If you want to get recognition strategically connected to your organization’s business plan, then you are going to need an executive sponsor. Having an executive sponsor is your key to getting recognition on the senior leadership table and raising the profile and impact of employee recognition throughout the organization.
But what exactly does an Executive Sponsor do?
Learn about their role, and how they can help you give the boost you need for employee recognition.
There are a lot of things the current pandemic has affected with how we use our recognition and reward programs.
Many organizations affected by the pandemic economically have reduced revenue because of shutting down production, a lack of sales, and the impact on clients affording goods and services.
The bottom-line outcome is companies cannot always afford to pay for rewards as they normally would.
People have asked for guidance on how to communicate to their teams the need to prioritize no or low-cost recognition options versus use of rewards in view of the financial reality. They also don’t want to give a negative viewpoint.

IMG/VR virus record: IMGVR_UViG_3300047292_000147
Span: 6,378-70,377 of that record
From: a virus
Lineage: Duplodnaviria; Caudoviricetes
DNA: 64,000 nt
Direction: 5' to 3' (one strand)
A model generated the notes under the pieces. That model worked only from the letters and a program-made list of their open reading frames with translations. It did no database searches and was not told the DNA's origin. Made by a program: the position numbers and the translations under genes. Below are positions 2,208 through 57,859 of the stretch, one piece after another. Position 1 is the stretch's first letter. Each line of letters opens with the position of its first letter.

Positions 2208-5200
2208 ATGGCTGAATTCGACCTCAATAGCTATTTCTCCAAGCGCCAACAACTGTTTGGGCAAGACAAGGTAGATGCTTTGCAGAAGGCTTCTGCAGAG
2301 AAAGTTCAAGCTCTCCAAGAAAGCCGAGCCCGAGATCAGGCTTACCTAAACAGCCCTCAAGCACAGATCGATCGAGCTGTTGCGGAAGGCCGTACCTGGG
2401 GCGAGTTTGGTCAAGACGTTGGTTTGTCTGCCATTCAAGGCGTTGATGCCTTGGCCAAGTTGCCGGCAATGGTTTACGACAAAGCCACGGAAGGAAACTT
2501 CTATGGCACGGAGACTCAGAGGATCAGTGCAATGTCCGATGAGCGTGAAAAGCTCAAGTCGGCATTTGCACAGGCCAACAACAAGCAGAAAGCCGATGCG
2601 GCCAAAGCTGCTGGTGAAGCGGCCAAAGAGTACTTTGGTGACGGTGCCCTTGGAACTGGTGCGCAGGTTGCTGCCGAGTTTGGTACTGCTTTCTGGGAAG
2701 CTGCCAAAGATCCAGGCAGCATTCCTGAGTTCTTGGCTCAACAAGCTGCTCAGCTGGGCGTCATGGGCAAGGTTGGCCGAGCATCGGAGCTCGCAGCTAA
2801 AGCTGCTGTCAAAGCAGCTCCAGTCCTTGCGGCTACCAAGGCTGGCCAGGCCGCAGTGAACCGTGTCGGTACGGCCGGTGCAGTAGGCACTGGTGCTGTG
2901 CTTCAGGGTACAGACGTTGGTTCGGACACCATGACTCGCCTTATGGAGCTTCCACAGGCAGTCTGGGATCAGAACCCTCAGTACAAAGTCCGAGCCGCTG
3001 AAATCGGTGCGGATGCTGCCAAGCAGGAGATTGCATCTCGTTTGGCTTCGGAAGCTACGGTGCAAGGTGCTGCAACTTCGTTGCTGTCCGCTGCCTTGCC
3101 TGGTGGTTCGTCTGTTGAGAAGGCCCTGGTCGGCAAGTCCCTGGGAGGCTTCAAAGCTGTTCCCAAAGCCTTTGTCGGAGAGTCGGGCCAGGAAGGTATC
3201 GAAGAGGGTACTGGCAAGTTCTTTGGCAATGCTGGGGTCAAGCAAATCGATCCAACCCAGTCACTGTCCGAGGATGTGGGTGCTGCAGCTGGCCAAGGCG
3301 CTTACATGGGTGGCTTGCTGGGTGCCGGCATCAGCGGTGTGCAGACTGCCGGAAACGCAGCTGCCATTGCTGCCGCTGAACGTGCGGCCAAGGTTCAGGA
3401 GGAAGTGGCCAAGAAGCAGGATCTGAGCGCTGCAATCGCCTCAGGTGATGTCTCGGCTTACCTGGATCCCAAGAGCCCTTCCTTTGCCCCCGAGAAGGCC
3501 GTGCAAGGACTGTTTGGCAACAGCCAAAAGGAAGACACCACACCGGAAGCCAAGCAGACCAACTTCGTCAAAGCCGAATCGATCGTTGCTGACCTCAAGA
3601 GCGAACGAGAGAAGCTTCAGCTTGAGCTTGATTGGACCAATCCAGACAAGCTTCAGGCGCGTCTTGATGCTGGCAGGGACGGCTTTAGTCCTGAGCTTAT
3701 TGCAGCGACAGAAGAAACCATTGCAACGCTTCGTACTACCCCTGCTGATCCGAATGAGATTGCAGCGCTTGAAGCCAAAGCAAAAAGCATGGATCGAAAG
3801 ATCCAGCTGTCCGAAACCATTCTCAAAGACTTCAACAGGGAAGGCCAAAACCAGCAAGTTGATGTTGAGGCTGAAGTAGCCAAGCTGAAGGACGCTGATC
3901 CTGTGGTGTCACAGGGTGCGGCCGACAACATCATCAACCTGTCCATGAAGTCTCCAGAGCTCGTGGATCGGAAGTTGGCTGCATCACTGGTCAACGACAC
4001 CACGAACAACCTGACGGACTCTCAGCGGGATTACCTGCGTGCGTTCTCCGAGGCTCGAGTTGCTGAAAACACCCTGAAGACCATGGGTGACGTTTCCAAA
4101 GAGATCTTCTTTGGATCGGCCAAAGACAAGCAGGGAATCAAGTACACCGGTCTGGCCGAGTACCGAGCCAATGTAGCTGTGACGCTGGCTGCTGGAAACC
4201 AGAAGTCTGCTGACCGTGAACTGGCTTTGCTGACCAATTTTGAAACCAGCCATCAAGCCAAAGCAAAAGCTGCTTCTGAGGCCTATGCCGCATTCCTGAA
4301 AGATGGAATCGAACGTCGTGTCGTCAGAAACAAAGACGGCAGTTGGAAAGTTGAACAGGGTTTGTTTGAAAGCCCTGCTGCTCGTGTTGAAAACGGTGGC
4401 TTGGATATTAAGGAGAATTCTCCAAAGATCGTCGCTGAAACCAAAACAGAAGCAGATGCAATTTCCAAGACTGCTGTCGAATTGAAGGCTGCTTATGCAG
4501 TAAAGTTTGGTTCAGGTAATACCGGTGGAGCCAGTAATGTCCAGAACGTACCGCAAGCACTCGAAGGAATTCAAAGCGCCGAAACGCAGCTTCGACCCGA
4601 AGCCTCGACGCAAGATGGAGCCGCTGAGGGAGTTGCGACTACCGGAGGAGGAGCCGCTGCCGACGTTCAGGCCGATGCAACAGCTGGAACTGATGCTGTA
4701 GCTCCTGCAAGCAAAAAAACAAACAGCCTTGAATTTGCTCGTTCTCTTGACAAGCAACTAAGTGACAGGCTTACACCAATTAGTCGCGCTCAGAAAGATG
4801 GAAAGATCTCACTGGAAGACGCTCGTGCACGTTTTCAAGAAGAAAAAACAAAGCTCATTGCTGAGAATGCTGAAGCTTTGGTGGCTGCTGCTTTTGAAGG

Bad things can happen when you’re in the wrong place at the wrong time.
Take the scenario of a young man I knew in his twenties making a quick purchase of snack foods and a pop at the local convenience store in the suburbs of Detroit, Michigan. Another man walks in to the store. But this man’s intent is to rob the convenience store of cash from the till.
This second man’s weapon of choice was a screwdriver. He stabbed the young man in the head because he was in the way. The stabbing penetrated his skull and brain resulting in motor brain damage as far as walking and use of his arm. But now he could not talk.
All he could say were approximations of consonant-vowel sounds like, “ma”, “ba”, “do”, or “to”.
This young man’s horrific life experience led me to learn how to give more meaningful recognition expressions using “I” talk language. I’ll explain.